The Journal of Agriculture, Food Systems, and Community Development (JAFSCD: ISSN 2152-0801) is an online international, peer-reviewed publication focused on the practice and applied research interests of agriculture and food systems development professionals and scholars.
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Assistant/Associate Professor in Food Systems (Tenure Track)
The University of Vermont seeks candidates to join us in building our capacity to understand the interconnected aspects of the modern food system and to develop creative models for sustainable food systems.
Candidates should have a demonstrated record of collaborative, transdisciplinary work and a desire to engage with colleagues across UVM colleges and departments. Anticipated start date is within the 2014–2015 academic year, subject to negotiation.
Click here to see a more detailed job description and details on applying.
Full-time, Tenure-track, Assistant Professor Positions
The Johns Hopkins University Bloomberg School of Public Health, Department of Environmental Health Sciences, invites applications for full-time, tenure-track positions at the assistant professor level, in the areas of food sustainability, food production, and public health. Successful candidates will have positions in the Center for a Livable Future (CLF), which focuses on the interactions among diet, the environment, and public health.
Click here to see more detailed job descriptions and how to apply.
An Optimization Approach To Assessing the Self-Sustainability Potential of Food Demand in the Midwestern United States
by Guiping Hua, Lizhi Wangb, Susan Arendtc, Randy Boeckenstedtd
http://dx.doi.org/10.5304/jafscd.2011.021.004, pp. 195–207
Conventional agriculture faces significant challenges as world population grows, food demand increases, and mobility becomes increasingly constrained. Reducing the distance food needs to travel is an important goal of sustainability and resiliency, particularly in the context of a variety of transportation challenges. In this study, we developed a linear programming optimization method to assess the potential of regions to meet dietary requirements with more localized and diversified agricultural systems. Emphasis is on minimizing the distance between population centers and available cropland, accounting for variations in yield among 40 of the most marketable food crops that can be grown in the Midwestern United States. We also derived two new metrics to guide strategic planning toward more localized systems: the "per capita cropland requirement" and the "regional self-sustainability index."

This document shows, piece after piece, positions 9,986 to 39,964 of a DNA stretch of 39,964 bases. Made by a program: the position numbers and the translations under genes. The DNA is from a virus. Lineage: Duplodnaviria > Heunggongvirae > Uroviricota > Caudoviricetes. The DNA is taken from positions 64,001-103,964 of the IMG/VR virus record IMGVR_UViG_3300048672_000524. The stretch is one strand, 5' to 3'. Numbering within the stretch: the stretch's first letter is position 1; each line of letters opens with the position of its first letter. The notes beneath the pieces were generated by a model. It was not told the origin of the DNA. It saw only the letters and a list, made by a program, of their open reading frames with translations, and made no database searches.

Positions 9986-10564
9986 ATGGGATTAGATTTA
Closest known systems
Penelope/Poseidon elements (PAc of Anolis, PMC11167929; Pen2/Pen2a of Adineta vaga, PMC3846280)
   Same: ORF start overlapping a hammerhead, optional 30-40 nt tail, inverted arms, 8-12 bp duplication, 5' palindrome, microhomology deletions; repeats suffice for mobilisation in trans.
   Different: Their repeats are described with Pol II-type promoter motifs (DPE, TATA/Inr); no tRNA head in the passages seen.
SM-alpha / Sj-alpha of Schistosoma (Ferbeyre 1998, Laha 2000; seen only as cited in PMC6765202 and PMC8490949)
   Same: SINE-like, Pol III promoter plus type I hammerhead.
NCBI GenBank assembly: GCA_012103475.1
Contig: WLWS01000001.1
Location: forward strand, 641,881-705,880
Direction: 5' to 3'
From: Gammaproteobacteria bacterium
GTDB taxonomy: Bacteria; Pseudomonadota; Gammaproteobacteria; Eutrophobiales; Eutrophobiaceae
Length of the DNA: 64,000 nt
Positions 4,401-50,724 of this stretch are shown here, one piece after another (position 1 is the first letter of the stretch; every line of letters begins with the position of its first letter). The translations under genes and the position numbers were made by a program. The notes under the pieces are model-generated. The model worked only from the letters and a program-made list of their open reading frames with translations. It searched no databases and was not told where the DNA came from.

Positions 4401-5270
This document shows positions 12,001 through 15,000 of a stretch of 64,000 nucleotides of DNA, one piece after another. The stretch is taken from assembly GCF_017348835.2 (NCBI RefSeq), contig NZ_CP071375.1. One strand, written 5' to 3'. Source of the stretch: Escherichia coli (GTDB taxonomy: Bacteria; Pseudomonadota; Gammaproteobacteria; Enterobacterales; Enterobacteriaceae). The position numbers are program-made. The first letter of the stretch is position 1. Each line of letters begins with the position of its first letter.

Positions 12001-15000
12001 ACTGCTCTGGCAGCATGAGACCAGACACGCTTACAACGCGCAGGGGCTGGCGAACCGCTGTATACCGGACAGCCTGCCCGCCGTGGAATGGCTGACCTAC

Overall, we conclude that the eight-state study region would require an average of 0.49 acres (0.2 ha) per consumer with an average absolute deviation of 0.09 acres (.04 ha). The self-sustainability index is estimated at 9.3, which indicates that the region has 9.3 times the cropland needed to become self-sustaining. Targeted dietary recommendations could potentially be met within a population-weighted average distance of 13.6 miles (21.9 km).
Keywords: foodshed, local food, optimization, resiliency, sustainability
Banner photos include a Cape Cod cranberry bog; a cranberry “screen house” used to grade fresh cranberries; farmland near Lake Placid, NY, in the Adirondack Mountains; Montmorency cherry trees on the Mission Peninsula of northern Michigan; the historic Round Barn in the South Mountain Apple Belt of Adams County, Pennsylvania; the “Sea of Grapes” district of the Lake Erie Concord Grape Belt, near Erie, Penn; a field of cabbages near Shortsville, NY, home to one of the world’s largest sauerkraut factories. All photos copyright by Duncan Hilchey.
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